Teams are increasingly becoming popular methods of working in different organizations. Where many people think that a “work-team” is similar to a “work-group,” there is a big difference between the two, in terms of behaviors and composition. Mackin refers to the book of “Wisdom of Teams” for the definition of teams, which states that, “a team is a small group of people with complementary skills and abilities, who are committed to a common goal and approach for which, they hold each other accountable”. This definition implies that, each member of a team has skills and abilities, which complement those other members in the team. Team members conform to shared responsibilities and roles.
In essence, team members usually identify and strategize on the way in which the desired team goal(s) will be achieved on mutually. Once the goals have been identified, team members pool their efforts, abilities, and skills together, towards achievement of the given goals. Team members do not rely on a leader for guidance or directions. Every team member takes initiative to give guidance to other team members, by inputting his/her ideas/opinions. For instance, if one of the team is in conflict with another member of the team or the entire team, team members address the conflict by speaking with the conflicting member directly, rather than through a leader. Usually, a work team is made of seven to twelve members. A very large or a small team may be difficult to operate because; it is difficult for the members to meet in a small team when some members are absent, while, large groups require complex structures and more support.
On the other hand, “a group is a set of few people with complementary skills and abilities, who are committed to a leader’s goals, and are willing to be held accountable by the leader”. In a group setting, a leader decides the goals of the group, and the manner in which the goals are to be achieved. Unlike in a work-team, every individual is accountable for his or her actions in a work-group. Decisions are made, not through consensus, but through voting, or implied agreement. According to Mackin, a group is more appropriate when organizational support for a team is inadequate. Moreover, where time for undertaking a given project is constrained, and there is availability of an individual with ability to inspire and empower people to meet certain goals, then a group would be more appropriate than a team.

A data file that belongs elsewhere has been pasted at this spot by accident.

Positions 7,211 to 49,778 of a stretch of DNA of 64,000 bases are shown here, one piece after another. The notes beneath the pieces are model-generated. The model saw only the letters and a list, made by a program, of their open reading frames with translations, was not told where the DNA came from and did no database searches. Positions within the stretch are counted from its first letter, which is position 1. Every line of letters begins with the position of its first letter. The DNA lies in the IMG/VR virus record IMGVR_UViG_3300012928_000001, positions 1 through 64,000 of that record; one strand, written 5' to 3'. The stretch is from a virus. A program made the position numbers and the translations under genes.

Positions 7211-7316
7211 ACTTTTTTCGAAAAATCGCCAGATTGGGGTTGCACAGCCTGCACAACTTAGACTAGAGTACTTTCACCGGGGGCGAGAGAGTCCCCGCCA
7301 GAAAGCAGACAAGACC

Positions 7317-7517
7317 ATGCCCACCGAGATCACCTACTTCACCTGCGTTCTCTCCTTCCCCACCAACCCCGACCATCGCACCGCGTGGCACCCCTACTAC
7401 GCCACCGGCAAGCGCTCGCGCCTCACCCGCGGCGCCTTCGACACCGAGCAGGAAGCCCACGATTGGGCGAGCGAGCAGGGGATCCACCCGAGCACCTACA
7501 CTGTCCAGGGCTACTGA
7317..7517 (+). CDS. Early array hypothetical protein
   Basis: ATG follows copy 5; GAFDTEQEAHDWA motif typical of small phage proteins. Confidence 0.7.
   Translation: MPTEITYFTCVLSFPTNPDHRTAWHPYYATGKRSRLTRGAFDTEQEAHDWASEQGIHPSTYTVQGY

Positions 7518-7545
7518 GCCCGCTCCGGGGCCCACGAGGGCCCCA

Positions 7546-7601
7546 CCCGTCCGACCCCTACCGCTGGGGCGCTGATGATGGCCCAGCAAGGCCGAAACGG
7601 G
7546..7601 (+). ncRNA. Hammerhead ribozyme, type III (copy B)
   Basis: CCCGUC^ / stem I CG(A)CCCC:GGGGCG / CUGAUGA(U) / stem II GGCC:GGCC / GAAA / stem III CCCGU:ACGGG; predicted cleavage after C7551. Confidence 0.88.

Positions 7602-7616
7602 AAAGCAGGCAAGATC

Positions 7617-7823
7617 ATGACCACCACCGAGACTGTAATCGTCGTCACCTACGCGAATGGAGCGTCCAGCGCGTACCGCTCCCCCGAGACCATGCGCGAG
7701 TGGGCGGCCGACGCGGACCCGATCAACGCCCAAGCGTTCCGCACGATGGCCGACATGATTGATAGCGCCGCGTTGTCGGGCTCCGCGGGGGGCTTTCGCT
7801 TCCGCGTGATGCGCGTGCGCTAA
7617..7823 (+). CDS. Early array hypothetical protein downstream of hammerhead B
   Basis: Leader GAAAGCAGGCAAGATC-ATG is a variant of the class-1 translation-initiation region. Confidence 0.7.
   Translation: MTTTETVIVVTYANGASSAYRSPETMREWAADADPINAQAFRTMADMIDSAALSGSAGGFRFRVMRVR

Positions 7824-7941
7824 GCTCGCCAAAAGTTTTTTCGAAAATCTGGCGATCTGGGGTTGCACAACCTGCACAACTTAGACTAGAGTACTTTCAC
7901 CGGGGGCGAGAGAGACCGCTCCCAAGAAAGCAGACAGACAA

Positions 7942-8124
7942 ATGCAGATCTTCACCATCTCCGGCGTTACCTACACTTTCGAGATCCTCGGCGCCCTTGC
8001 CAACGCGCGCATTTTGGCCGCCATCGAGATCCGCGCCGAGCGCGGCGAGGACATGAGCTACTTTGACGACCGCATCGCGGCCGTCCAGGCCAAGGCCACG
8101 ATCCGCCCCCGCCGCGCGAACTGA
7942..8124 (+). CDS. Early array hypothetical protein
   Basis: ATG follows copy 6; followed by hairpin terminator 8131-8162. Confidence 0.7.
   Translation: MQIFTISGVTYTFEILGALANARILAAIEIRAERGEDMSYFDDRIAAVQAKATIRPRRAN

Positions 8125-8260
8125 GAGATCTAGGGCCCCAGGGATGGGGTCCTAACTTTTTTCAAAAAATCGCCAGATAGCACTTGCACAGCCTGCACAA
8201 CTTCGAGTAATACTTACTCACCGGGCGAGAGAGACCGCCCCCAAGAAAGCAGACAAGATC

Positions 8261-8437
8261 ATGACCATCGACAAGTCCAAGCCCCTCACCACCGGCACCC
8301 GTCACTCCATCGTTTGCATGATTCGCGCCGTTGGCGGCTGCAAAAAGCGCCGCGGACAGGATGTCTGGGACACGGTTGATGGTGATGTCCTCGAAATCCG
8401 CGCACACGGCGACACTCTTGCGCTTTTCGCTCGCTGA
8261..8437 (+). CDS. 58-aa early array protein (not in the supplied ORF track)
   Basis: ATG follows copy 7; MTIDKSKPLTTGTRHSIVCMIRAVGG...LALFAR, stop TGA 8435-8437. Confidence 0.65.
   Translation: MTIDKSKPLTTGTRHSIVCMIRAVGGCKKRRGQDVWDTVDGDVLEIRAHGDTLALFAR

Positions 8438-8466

Work-teams can be very effective in achieving workplace diversity. Workplace diversity is a situation where individual differences in the work environment, are recognized and respected. A diverse workplace creates an environment where, every individual can maximize his/her potential by utilizing his/her differences to make unique contributions in an organization. According to Armstrong, when members of a team are working together, every member is given an opportunity to contribute his/her opinion about a particular issue. While individuals’ opinions, strengths, and skills vary differently, a combination of individuals’ differences result into creation of new knowledge, which can be used in achieving the desired team’s goal(s). In a team setting, problem solving, and innovational skills are greatly enhanced because team members can freely input their ideas, without first seeking approval from supervisors or leaders. This form of openness in creating new knowledge, and providing solutions to problems contributes to formation of workplace diversity. Moreover, an organization can take advantage of differences in cultures among team members, to create diversity in the workplace. Cultural diversity in a team enhances contribution of variety of thoughts and experiences, which contribute to organizational productivity.